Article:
Vince Staples appeared on ESPN’s “Highly Questionable” yesterday (January 7) and spoke about life growing up in Long Beach, California. He explained the influence of Snoop Dogg‘s music on the youth of the city.

“That kind of directed our path,” Vince Staples says, “along with other things, just getting into the gang stuff, the trouble stuff, all the things that kids fall victim to just being in the wrong place at the wrong time.”

The “Señorita” rapper says that Long Beach, which is often associated with gang culture, was defined by more than music, but was a result of a systematic structure. Staples says social activism, led by Bunchy Carter and others, helped create today’s climate in the city, which has lost some of its original intention.

“Gang life is something that’s just a part of our community, where we come from,” he says. “If you think about history of Black people and Hispanic people in Los Angeles County or Southern California in general, that’s one of the only things we have culturally and spews from things that had a positive message… All these people we know as political activists, which people don’t know kinda sparked that whole identity of gang life. It’s just part of our culture and with idle time and immaturity which comes from being a child, you kinda fall into the wrong things and especially with the wrong guidance. Things sorta get diluted the longer they’ve been separated from their origin. It’s just something that’s already there, but if you have nothing better to do, you often find time to do the wrong things and that’s just kinda where that fell into play.”

Staples offers the options that he tries to implement in order to bring change to an area troubled with violence. One of his best friends was murdered at the age of 15 and he says that of his friends growing up, only himself and one more man are alive or not serving a life sentence.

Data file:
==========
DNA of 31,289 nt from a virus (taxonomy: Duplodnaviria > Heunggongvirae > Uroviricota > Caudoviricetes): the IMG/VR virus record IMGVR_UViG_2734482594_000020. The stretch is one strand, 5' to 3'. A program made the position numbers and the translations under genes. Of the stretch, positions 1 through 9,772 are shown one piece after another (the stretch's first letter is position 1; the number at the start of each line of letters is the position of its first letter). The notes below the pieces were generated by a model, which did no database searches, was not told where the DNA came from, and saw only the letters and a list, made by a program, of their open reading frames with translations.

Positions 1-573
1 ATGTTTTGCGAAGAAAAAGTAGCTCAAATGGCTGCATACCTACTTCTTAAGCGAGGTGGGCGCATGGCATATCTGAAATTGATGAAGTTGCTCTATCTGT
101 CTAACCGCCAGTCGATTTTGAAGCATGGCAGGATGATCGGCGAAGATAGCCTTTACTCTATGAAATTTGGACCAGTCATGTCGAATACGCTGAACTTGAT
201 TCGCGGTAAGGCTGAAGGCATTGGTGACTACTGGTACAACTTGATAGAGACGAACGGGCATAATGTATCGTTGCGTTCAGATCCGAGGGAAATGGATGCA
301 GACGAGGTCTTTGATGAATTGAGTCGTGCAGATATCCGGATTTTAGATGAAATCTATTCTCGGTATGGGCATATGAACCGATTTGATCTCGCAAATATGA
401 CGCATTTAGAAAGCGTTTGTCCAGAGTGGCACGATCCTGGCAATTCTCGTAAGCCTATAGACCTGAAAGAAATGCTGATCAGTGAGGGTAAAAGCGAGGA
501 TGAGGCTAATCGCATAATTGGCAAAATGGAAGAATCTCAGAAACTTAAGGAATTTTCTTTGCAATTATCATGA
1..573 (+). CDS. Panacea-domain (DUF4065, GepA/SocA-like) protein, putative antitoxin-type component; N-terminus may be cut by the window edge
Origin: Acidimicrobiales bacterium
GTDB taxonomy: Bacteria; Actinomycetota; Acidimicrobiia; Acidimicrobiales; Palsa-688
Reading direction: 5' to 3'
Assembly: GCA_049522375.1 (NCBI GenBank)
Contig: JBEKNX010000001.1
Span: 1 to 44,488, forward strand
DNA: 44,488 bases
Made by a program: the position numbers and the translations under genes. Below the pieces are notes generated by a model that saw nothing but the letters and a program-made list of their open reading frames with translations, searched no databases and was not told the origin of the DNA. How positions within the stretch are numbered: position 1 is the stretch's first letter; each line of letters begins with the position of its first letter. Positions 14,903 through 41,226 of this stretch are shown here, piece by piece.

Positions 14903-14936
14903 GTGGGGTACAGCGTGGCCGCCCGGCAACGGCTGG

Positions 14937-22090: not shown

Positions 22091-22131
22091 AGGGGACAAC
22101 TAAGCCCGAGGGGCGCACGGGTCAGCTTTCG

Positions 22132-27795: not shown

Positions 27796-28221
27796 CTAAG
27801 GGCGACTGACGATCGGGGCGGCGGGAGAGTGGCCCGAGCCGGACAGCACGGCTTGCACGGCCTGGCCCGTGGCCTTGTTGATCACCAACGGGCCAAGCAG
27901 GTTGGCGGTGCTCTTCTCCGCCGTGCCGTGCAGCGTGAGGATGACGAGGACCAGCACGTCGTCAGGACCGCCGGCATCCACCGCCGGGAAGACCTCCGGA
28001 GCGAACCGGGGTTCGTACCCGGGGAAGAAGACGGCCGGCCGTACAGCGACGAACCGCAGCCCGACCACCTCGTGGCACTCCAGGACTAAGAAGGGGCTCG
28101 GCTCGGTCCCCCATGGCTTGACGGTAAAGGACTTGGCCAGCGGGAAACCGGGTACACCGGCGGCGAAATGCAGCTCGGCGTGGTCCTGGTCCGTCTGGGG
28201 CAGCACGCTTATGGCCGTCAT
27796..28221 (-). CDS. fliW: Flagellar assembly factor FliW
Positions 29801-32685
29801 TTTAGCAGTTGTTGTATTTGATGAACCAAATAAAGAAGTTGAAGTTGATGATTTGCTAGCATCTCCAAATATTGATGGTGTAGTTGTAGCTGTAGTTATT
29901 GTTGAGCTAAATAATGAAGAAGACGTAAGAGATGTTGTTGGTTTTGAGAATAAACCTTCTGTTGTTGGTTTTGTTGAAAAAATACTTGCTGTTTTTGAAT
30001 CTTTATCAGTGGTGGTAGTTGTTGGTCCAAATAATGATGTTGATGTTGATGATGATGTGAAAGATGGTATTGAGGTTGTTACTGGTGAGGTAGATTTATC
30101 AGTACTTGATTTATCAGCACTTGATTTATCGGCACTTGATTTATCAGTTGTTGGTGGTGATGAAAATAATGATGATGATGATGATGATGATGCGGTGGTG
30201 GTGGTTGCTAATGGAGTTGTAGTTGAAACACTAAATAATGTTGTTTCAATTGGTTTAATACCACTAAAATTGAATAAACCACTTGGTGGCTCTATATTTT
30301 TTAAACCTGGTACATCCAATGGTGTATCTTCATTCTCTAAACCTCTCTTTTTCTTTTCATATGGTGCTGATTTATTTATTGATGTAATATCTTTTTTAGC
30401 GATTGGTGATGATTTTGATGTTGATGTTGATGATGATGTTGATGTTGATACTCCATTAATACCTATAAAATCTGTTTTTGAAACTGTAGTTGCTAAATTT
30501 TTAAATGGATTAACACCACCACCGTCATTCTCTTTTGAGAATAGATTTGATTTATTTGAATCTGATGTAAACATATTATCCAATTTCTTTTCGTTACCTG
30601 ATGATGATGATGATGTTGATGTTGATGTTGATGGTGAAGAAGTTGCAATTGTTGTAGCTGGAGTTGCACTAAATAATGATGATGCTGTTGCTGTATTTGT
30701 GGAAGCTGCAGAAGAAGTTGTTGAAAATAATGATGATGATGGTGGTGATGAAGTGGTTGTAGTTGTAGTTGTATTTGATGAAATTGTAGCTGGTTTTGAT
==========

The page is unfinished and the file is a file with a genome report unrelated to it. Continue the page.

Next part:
“I don’t think it’s something that you extract yourself from,” he says when asked how he distances himself from gang culture. “I think it’s something that you move on from for the simple fact that these things aren’t based in crime or wrong or things like that. These things are based in being a part of a certain community and the only way to get away from that community is to literally leave that community or try to better the community…If I’m one of the only ones that’s left, I might as well try to tell somebody about it or do something about it ’cause my parents and my grandparents, my family taught me a lot of things along the way.”

After the interview aired, Staples took to Twitter to say that the conversation was also about basketball and Los Angeles Clippers point guard Chris Paul.

“They edited out the part where I challenged Chris Paul to come get these buckets. #ESPN #VSPN” he writes.

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